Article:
On Tuesday, November 19, 2013, the Rose Institute of State and Local Government held a panel discussion on the Voting Rights Act after the Supreme Court struck down key provisions in Shelby County v. Holder. The Institute was fortunate to have two voting rights experts on the panel: Bruce Cain, distinguished political scientist and director… Continue Reading
Tag Archives: supreme court
The Supreme Court decided on January 20th to stay the ruling of the U.S. Court of Appeals for the Fourth Circuit in the matter of West Virginia’s new congressional districts, meaning that upcoming congressional elections will be conducted in the new districts created by West Virginia’s legislature following the 2010 Census.
On January 20th, the United States Supreme Court ordered a federal court in Texas to reconsider the maps it had drawn for the state’s legislative districts. The Court unanimously held that the lower court may not have used “appropriate standards” in drawing the new maps. Instead, the lower court had “substituted its own concept of the collective public good for the Texas legislature’s determination of which policies serve the interests of the citizens of Texas.” The Court remanded the case to the district court to draw new maps, this time starting from the plan created by the state legislature last year. Please see this earlier coverage by the Rose Report for a more in-depth analysis on the background of the case.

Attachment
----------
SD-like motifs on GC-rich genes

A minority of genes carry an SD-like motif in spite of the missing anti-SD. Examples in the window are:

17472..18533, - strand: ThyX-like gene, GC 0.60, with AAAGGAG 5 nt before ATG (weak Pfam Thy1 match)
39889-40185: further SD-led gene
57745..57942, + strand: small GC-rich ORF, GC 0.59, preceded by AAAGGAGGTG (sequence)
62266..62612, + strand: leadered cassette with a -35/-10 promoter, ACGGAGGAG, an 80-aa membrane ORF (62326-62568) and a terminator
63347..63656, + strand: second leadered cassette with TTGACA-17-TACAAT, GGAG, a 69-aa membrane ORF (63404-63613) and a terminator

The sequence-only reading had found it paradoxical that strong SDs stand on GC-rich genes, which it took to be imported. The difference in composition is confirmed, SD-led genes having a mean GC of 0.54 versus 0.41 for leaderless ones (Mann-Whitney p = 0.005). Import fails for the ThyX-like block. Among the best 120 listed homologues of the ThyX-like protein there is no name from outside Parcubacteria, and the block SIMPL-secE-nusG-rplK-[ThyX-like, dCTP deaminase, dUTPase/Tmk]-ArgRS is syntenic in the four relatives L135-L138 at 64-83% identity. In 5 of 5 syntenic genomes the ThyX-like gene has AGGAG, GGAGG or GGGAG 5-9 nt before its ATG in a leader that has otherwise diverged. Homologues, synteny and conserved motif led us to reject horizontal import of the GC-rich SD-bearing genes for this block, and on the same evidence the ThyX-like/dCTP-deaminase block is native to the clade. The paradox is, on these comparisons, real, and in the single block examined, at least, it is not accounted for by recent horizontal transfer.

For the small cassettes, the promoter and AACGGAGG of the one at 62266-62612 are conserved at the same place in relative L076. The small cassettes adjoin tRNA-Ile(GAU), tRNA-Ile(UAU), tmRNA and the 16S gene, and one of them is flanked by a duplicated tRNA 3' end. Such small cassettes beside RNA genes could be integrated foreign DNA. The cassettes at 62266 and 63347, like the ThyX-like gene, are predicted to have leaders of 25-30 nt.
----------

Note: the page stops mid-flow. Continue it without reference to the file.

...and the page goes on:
The Supreme Court on Monday held 70 minutes of argument for three cases on the new state legislative and congressional districts Texas will use in 2012 and beyond. The three cases under review are Perry v. Perez (11-713) on redistricting the state house, Perry v. Davis (11-714) on redistricting the state senate, and Perry v. Perez (11-715) on redistricting the U.S. House. At issue is whether the San Antonio federal court had the authority to impose a new legislative district plan on Texas when the state legislature’s plan had not obtained the “preclearance” required under Section 5 of the 1965 Voting Rights Act. The cases focus on Section 5 issues, but have broader implications for the division of power between state legislatures and federal courts in redistricting.
On Wednesday, the California Supreme Court unanimously struck down two Republican challenges to the redistricting plans put forth by the Citizens Redistricting Commission. Continue Reading
On May 23, 2011 the California Supreme Court ordered the state to dramatically reduce the number of detainees in prisons on the basis of cruel and unusual punishment. As a result, between 37,000 to 46,000 inmates will be released in the coming years. In order to manage the influx of prisoners, the California legislature passed Bill AB 109, the Public Safety Realignment Bill, which took effect October 1, 2011. AB109 shifts responsibility for non-serious, non-violent, non-sexual offenders to counties. The challenging transition from state to local oversight is highlighted in Contra Costa County, where county officials are already facing difficulties. Continue Reading